Jessica Lindsey, artist/performer, "The View From Deadhorse Point”


The View From Deadhorse Point (Image courtesy of Erik Waterkotte)

"dis-card", was originally meant to be a two part project. Part one was the live performance in Grove Arcade - a site specific work to be realized in the public space with photographer Lynne Harty documenting rehearsals and the 2 performances. Part 2 was the screening of the edited stop motion film for The {Re}HAPPENING with a new version of the live performance adapted to the space and addition of the film. Because the film was edited over several weeks leading up to the {Re}HAPPENING, we did not have the finished film while we we rehearsed. We had a large unknown - how would we incorporate the film with live performance? We knew the spaces we would use, the gym and the lawn, but until the day before, all 6 dancers had not been in the space. We ended up developing an overlap of movement into the film and experimenting/projecting the film on the wall, instead of the screen that was available. We re-oriented the live performance to take advantage of shadows and other effects from our lighting we had not anticipated. Although rehearsals had started in December, the improvisation/changing the variables made the piece different every time it was performed.  

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Kathy Leiner, artist/choreographer, “dis-card”        

 
dis-card (Image courtesy of Abigail Griffin


The success of these kinds of art events is often contingent upon audience interaction and engagement, as well as the bridging of the aforementioned gap between spontaneous and calculated action.  Can you mention a few aspects of your project that you found to be particularly successful?  And, were there were any failures or portions that just weren’t realized quite as well as you had hoped?
The beauty of working on a project like Tanya's Performance Crafting: Hand in Hand was seeing the participants take ownership over the ideas and process set out by the artist. In multiple cases visitors would stop in the gallery after noticing the sign outside and stay for over an hour, meticulously crafting with people they had never met before. While creating community was a goal of the project, experiencing it happen so naturally and with such joy and commitment was a definite indicator of success.  To be honest, we didn't have many "failures," the biggest challenge remains educating audiences.

- Marilyn Zapf, CCCD Curator


Installation View, Performance Crafting: Hand-in-Hand (Image courtesy of The Center for Craft, Creativity & Design)

…Our piece examines ecstatic states and how different people respond to them. Matt [Cosper] and I talked a lot about the way that intense religious services or rituals can affect people in different ways.  Strong believers may be consumed by the hysterical energy while those who are something of outsiders may choose to step back and observe it more objectively or simply decide to leave.  Choosing to leave is the most interesting for me.  Do they leave because it makes them uncomfortable or do they leave because they think that it's fake?  At the {Re}HAPPENING a couple of people joined in as they expressed agreement with some of the text that Matt speaks.  Other people simply observed and a couple of people walked out.  It's intriguing that, given the subject matter of the piece, all of those responses are valid.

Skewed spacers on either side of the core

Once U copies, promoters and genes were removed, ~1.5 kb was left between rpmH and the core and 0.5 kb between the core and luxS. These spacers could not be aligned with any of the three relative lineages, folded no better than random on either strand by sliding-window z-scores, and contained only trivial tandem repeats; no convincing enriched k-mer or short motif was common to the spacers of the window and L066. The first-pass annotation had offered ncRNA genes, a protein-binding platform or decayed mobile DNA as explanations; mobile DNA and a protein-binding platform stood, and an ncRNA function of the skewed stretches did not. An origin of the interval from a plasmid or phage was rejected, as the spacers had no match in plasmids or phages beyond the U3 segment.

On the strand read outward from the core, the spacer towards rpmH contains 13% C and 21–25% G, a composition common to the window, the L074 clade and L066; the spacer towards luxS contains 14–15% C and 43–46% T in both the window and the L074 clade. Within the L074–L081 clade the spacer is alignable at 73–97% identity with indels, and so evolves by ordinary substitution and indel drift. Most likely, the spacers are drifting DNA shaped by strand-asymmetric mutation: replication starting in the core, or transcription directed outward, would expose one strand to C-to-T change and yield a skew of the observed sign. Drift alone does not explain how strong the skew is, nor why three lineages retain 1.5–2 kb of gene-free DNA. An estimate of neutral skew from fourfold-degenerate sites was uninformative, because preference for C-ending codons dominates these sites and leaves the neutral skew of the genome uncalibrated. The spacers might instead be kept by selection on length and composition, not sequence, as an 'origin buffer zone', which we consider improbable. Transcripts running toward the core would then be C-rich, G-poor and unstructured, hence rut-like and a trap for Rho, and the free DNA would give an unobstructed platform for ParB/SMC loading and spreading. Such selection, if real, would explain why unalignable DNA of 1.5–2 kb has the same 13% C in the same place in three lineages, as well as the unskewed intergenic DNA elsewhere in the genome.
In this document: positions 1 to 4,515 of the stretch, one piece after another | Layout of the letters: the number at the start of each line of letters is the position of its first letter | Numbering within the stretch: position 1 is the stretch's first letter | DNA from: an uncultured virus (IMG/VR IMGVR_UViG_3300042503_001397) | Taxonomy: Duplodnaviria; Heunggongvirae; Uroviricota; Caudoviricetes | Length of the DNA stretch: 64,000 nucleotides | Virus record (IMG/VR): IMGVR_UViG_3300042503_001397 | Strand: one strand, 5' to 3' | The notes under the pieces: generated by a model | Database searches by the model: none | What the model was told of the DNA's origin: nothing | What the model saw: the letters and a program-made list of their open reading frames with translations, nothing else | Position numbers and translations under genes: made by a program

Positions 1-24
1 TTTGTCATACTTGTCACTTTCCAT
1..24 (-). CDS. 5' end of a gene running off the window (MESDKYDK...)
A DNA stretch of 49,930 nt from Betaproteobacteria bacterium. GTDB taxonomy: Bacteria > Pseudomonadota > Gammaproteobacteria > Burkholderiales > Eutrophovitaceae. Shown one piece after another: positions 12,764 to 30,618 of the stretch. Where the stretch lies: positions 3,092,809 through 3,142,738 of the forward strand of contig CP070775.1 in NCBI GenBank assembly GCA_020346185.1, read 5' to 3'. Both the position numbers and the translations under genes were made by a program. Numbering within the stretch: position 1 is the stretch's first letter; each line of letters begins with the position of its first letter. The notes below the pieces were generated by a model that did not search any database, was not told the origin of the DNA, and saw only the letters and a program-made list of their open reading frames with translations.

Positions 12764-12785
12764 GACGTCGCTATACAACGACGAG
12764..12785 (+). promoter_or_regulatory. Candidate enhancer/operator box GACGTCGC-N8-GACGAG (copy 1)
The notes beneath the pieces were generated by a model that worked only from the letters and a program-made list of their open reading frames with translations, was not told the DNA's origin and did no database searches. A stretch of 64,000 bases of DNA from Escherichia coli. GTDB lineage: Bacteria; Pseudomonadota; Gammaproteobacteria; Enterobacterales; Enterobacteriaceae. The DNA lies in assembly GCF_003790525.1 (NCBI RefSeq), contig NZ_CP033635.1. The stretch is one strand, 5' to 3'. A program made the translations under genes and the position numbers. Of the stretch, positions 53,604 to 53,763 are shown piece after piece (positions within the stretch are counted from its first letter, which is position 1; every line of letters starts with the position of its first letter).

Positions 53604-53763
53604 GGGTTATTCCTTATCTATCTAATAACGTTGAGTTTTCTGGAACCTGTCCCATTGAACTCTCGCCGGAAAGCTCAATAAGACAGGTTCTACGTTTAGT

- Eric Mullis – artist/performer “Later Rain”


The View From Deadhorse Point (Image courtesy of Erik Waterkotte)

I think some great ideas came from us responding to the work as the day and audience changed.  For instance, running our film during the daytime was difficult (even with the canopy of all of the trees) so I ran a large overhead projection with different transparency graphics and silhouettes inside the cabin until it became dark enough to see the film on the stretched screen on the porch of the cabin (pictured).  Also, as the evening progressed we encouraged more of the audience to interact with the microphones directly and I ran a mixing board. 

Erik Waterkotte, artist/performer, "The View From Deadhorse Point” 

There were many moments throughout the evening that were incredibly interactive, where I felt a real connection with someone making sounds into the microphone at the bottom of the stairs. Because many people at the bottom of the stairs were using their voices, it felt at times like I was really communicating with participants, that we were really speaking with each other (me with the bass clarinet and them with their voices). That is such a unique and special experience as a performer of classical music, because I am so often on stage and removed from those listening to the music I am making. 

Jessica Lindsey, artist/performer, "The View From Deadhorse Point”

 

The beginning concepts for "dis-card" were very much reinforced during the {Re}HAPPENING. One of the things each of the dancers needed to discard was control and give into whatever the space brought to us. I really enjoyed having the audience surrounding the piece in the gym and including them in our lighting solution. We had lights on the floor but didn't want too much since we were going to be projecting the film. The dancers each gave a few audience members flashlights and asked them to follow a dancer with the light, which invited them into the space. This really added to the "see and be seen psychology of space" that was one of the original concepts of the work. 

Kathy Leiner, artist/choreographer, “dis-card”


Next week:  Part II will include in depth responses and additional installation images from {Re}HAPPENING featured artists Jenni Cockrell, and Michael Dickins + McLean Fahnestock, as well as Gene Felice, who returned this year as a featured artist along with his students from the University of Maine Intermedia MFA Program.  

Dispatches from the B.A.D. is a semi-regular column primarily focusing on exhibitions and events at non-profit visual art spaces in The Broadway Arts District in downtown Asheville.